While my family was in town in March, we took the opportunity to learn a few new banchan recipes! Since the korean food scene is lacking in Las Vegas, I’ve resorted to making my own. This was one of my favorites growing up, and it’s so simple to make, I’m not sure why I didn’t learn how to make it sooner.
I’ve been seeing Korean food everywhere lately, whether it’s in fusion or traditional.
“What chefs want to eat – and increasingly everybody – is Korean food.” – Anthony Bourdain. Here’s a video where Bourdain cooks korean food for Anderson Cooper and explains why America’s Top Chefs are obsessed with it. I’m no top chef, but I’m obsessed, and I’m happy to see that more people are becoming aware of Korean cuisine.
Korean Perilla Leaf Kimchi (깻잎장아찌) – Banchan Recipes
- 2.5 Tablespoons soy sauce
- 2.5 Tablespoons fish sauce
- 2 Tablespoons sugar
- 1 Tablespoon sesame oil
- 1 Tablespoon roasted sesame seeds
- 2 Tablespoons gochugaru / korean red pepper flakes
- 60 perilla leaves (each bundle from the store had about 10)
- In a small mixing bowl, mix together the soy sauce, fish sauce, sugar, sesame oil, sesame seeds, and korean red pepper flakes to make the marinade
- Use 1/4 tsp of marinade and use a spoon to spread over each leaf.
- Stack the next leaf and continue until they are covered with marinade.
- You can replace fish sauce with more soy sauce in the same quantity.
- You can skip a few leaves at a time when spreading the marinade (the lazy method), but it tastes better when you do them all.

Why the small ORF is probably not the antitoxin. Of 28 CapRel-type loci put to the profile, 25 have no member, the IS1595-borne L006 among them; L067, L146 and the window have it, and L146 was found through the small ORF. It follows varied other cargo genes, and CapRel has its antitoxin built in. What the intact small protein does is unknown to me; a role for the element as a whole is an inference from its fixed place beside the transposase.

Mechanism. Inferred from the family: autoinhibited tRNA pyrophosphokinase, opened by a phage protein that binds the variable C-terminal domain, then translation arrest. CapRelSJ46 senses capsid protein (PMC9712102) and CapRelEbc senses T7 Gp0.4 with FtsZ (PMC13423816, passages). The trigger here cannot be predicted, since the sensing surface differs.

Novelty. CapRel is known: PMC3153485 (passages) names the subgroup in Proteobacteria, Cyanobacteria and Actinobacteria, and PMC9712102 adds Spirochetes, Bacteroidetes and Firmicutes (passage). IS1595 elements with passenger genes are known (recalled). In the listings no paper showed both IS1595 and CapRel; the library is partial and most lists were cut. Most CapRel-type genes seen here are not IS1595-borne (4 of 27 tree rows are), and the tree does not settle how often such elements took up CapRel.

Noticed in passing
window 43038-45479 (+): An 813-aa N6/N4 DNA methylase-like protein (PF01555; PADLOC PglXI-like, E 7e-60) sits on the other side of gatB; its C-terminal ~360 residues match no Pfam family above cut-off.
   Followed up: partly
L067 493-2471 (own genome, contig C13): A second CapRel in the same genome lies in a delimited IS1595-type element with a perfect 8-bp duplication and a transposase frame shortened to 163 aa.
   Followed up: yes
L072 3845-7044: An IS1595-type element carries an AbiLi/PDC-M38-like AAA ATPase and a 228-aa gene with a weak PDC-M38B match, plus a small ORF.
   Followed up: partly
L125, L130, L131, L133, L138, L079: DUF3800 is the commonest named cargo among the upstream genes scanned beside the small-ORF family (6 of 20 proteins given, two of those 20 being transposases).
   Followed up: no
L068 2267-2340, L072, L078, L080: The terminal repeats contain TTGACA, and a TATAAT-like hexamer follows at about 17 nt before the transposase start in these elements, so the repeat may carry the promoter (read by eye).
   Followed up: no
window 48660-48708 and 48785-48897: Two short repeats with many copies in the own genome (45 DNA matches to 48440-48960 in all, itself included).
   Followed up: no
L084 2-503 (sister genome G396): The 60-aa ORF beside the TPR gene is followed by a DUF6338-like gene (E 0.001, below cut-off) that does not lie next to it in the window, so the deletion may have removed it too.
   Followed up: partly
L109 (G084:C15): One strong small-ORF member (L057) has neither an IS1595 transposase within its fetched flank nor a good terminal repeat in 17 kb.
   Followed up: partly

- Can keep refrigerated for 2-3 months in an airtight container. Make sure the leaves are covered in marinade or they will dry up.
- Most koreans like to add 1/4 tsp of sogogi dashida, which has MSG. I personally think if it tastes better, I’m using it, but we gave you some alternative options in case you’re against it. My mom is actually a health nut and doesn’t like to eat much sugar or processed foods, but maybe because it’s so commonly used in korean cooking, she doesn’t mind a pinch here and there.
- Some call this perilla leaf kimchi, but Koreans don’t call this a type of kimchi. It’s a type of jangajji, which is another form of pickling in a sauce for an extended period of time.
- My mom grows her own perilla leaves in her backyard. Since we don’t have a backyard, and I have a black thumb, we haven’t attempted to grow them, but they are supposed to be easy to grow.
It seems as though our helpers have fallen asleep…
Have you ever tried Korean food?
What is your favorite dish?
Is there any dish you’d like my mom to teach you?
This Post Has 2 Comments
I’m planning on making Kimchi, and saw this Perilla kimchi recipe. I have perilla growing in my garden in Arlington, VA. I brought my perilla seeds from my mom’s in Japan many years ago.
But I didn’t know what to do untill recently, I started making tea with perilla. Now I can start using my perilla besides tea. Have to wait untill I get enough leaves.
I’ve actually never made perilla tea before. What do you usually put in it? Do you just dry the leaves? Let me know how the recipe turns out. :)